Presentation Title

Community Science in the Johnson Creek Watershed

Presenter(s) Information

Alexis BartonFollow

Start Date

February 2018

End Date

February 2018

Abstract

Johnson Creek Watershed Council’s Community Science program has expanded significantly in the past two years. Salmon Surveys have been occurring since 2011, with all other programs are new as of 2016. This poster will summarize results from 2016 Salmon Surveys, and 2017 Eco-Blitzes, Lamprey/Steelhead, Beaver, and Dragonfly Surveys. It will bring together key elements from each program such as numbers of sites and surveyors, with the map showing the sites for each survey Not only is Community Science an engaging way for community members to volunteer their time, the projects are collecting valuable data that is shaping our understanding of wildlife in the watershed. While Eco-Blitzes are collecting data on stream fauna overall, dragonfly populations are indicative of wetland habitat quality, beaver surveys are telling us about how beaver behave in an urban environment, and salmon, lamprey and steelhead surveys are characterizing the presence of significant fish populations in Johnson Creek. As a small nonprofit with a large volunteer base that is growing through Community Science, Johnson Creek Watershed Council’s Community Science programs can serve as a model for future surveys in the area. Working with scientific advisors – ODFW, Metro, and independent experts – and with the in-the-field efforts of trained community members, JCWC has been gathering interesting and exciting data throughout the watershed.

Subjects

Wildlife biology, Habitat assessment, Animal ecology

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Feb 5th, 4:00 PM Feb 5th, 6:00 PM

Community Science in the Johnson Creek Watershed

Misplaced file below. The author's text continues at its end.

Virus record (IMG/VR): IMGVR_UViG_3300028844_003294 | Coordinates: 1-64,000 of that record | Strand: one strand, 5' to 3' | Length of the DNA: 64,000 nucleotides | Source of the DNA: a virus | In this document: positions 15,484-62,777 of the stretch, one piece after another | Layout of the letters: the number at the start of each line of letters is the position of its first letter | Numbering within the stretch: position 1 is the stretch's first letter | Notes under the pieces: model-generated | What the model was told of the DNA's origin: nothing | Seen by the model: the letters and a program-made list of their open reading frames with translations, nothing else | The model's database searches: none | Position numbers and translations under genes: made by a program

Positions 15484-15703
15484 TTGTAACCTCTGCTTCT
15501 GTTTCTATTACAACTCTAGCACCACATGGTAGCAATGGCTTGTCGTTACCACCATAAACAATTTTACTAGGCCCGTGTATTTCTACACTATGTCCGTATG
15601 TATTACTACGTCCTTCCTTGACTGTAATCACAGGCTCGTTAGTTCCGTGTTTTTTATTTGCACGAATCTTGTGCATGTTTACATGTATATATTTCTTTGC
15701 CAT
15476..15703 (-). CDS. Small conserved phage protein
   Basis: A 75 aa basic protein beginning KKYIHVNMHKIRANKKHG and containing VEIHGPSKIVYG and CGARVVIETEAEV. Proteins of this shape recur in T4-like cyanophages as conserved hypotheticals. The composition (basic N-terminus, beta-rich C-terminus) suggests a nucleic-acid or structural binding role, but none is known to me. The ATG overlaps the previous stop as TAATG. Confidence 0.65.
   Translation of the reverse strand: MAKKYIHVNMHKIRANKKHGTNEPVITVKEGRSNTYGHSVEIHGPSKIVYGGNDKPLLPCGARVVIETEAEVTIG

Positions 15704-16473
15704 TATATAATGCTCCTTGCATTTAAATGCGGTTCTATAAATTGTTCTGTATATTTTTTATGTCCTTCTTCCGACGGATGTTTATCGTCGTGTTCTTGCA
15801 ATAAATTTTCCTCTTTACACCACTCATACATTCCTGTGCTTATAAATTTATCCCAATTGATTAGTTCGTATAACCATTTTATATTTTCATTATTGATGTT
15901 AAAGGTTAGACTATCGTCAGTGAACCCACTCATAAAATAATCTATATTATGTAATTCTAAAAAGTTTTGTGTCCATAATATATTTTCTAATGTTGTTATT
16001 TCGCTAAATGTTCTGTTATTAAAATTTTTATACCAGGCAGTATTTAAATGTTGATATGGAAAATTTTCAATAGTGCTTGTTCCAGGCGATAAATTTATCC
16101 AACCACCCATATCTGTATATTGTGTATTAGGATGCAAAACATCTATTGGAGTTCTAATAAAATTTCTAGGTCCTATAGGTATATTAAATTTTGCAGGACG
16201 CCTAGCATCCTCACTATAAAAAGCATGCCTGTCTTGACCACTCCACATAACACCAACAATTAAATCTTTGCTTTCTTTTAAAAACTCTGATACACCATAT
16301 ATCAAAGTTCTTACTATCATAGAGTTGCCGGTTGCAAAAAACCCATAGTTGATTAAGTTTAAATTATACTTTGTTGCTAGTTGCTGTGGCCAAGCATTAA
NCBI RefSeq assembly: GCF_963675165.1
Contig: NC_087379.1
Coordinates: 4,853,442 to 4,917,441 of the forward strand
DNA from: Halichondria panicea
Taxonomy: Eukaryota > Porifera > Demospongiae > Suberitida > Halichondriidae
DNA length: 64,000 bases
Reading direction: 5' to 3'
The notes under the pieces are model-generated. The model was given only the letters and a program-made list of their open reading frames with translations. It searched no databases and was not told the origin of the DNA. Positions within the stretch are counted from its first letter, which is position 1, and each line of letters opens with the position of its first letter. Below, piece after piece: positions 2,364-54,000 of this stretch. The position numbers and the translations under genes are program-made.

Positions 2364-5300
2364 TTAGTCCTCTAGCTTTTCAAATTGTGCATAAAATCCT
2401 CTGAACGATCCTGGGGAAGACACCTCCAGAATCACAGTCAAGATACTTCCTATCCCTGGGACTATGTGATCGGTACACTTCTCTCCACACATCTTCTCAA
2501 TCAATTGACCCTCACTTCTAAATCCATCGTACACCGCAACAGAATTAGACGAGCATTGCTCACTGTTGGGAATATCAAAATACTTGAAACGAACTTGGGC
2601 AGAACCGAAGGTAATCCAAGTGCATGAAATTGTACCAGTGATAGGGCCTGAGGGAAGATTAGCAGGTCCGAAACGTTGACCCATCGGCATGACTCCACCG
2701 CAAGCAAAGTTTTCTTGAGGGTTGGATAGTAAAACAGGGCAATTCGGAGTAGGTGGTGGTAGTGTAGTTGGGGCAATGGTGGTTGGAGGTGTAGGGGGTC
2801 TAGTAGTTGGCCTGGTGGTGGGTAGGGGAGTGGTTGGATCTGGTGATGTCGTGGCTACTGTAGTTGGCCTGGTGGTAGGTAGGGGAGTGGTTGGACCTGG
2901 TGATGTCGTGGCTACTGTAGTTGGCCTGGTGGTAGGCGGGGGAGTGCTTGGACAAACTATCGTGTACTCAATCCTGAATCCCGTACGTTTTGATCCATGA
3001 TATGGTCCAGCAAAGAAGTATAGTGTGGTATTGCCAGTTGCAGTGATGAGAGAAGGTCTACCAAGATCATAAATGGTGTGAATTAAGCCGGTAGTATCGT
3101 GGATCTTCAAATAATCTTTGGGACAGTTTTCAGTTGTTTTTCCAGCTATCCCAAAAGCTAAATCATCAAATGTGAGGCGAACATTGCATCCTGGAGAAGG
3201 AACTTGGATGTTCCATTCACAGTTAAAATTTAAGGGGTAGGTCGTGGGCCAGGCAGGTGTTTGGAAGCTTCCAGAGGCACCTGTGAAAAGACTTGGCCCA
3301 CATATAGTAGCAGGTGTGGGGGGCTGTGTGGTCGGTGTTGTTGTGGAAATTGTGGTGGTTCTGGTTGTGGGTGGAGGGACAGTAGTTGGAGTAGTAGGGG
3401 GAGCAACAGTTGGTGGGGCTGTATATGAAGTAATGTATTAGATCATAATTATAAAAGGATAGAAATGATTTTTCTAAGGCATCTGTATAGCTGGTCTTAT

Johnson Creek Watershed Council’s Community Science program has expanded significantly in the past two years. Salmon Surveys have been occurring since 2011, with all other programs are new as of 2016. This poster will summarize results from 2016 Salmon Surveys, and 2017 Eco-Blitzes, Lamprey/Steelhead, Beaver, and Dragonfly Surveys. It will bring together key elements from each program such as numbers of sites and surveyors, with the map showing the sites for each survey Not only is Community Science an engaging way for community members to volunteer their time, the projects are collecting valuable data that is shaping our understanding of wildlife in the watershed. While Eco-Blitzes are collecting data on stream fauna overall, dragonfly populations are indicative of wetland habitat quality, beaver surveys are telling us about how beaver behave in an urban environment, and salmon, lamprey and steelhead surveys are characterizing the presence of significant fish populations in Johnson Creek. As a small nonprofit with a large volunteer base that is growing through Community Science, Johnson Creek Watershed Council’s Community Science programs can serve as a model for future surveys in the area. Working with scientific advisors – ODFW, Metro, and independent experts – and with the in-the-field efforts of trained community members, JCWC has been gathering interesting and exciting data throughout the watershed.